Risk Management Memo: A Star Is Born

Mary Biddinger | Poetry

I was speaking but it was mostly symbols. Toenails
the color of activated charcoal. Walls spattered

with cola or similar. You had decided to stop
imagining a chalk outline of my body on yours.

You were seeing the specialist. Even chewing gum
was verboten. I had to fashion a velvet smock

for every glass item in the house. Crystal owls
not exempt. The police wanted to know how

I’d carried you so many blocks with no gurney.
As if we had one, but I left it behind. Hell, even

your wallet stayed with us. Then the bathtub,
teakettle filled with cold water. Our record

player long broken, so I screamed the lyrics,
because after so many times you don’t mess with

a formula. Wheeling you out of the hospital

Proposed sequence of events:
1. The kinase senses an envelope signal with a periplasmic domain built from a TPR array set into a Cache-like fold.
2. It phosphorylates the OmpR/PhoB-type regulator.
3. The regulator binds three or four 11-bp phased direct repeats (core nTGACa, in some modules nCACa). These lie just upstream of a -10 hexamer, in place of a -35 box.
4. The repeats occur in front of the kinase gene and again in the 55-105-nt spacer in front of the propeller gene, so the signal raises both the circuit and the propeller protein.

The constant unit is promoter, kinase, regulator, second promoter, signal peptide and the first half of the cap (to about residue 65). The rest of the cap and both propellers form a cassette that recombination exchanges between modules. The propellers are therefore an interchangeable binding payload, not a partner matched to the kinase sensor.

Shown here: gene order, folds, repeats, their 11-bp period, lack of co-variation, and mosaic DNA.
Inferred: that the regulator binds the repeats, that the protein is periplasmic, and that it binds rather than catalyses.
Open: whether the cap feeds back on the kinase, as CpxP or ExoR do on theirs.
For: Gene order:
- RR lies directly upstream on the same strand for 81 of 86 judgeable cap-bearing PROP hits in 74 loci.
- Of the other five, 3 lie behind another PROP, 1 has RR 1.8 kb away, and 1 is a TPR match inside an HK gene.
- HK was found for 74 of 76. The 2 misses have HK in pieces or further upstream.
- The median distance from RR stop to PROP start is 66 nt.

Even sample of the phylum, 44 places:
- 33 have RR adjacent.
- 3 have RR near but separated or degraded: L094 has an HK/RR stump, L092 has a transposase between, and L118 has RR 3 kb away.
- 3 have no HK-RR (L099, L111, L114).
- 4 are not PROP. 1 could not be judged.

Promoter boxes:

in late January, they thought you were holding

an infant in your arms, but it was just your arms
and the clothes I’d jammed into a pillowcase

on our way to the train. I was the only baby
you ever had. Long ago you played quarterback,

drove the Ridgeview Temblors to victory.
Somebody etched your likeness onto a feeble

medallion. You could not say the same for most
of the inhabitants of our universe. At night

I hid the phone in a shoe box stuffed with yarn.
You were a reverse Hail Mary in the dark.